In travel circles, small-town life has taken on a whole new meaning. In the last few years, particularly across Europe, a number of once-deserted villages have been painstakingly restored for discerning guests, bringing many near-extinct communities back to life.
Over the course of the 20th century, as jobs moved to cities, hamlet populations dwindled, and already weathered buildings gradually succumbed to neglect and ruin. The same outward movement created a new generation of overwrought city-dwellers longing for more space, a slower pace and a return to—if only temporarily—a simpler lifestyle.
But to recognize the potential in and take on the daunting task of renovating an entire village takes both vision and courage. Ludovic Orts, cofounder of the Montagne Alternative project in the Valais Alpine region of Switzerland, has both, as does Larissa Lazzari, who took on rebuilding a fishing village in Cape Verde, which had been abandoned during a severe drought. Although located in completely different environments, both undertakings prioritized an authentic renovation process using local craftsmen and materials.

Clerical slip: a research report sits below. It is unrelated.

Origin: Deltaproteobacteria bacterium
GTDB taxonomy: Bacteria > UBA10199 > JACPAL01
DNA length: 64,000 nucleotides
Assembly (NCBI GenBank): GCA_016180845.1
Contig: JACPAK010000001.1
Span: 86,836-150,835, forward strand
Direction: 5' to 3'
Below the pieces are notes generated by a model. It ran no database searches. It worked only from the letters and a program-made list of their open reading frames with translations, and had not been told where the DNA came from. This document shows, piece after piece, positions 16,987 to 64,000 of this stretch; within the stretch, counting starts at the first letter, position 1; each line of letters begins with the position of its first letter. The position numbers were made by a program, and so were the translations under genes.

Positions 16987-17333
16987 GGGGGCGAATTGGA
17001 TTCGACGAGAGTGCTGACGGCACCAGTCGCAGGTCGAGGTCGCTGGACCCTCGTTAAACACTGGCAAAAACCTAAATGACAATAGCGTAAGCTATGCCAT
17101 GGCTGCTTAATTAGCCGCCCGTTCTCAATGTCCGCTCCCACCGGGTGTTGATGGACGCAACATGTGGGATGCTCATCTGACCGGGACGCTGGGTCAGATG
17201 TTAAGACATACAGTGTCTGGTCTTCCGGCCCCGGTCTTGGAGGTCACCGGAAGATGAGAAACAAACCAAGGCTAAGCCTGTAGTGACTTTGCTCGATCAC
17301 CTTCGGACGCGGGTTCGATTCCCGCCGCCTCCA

We found a clutch of other village properties that underwent painstaking overhauls. Borgo San Felice in Tuscany revived a fortified medieval settlement with its restored stone cottages. And nestled between the natural park and the beaches of the Vicentine coast in south-central Portugal, the rejuvenated village of Aldeia da Pedralva stands proudly.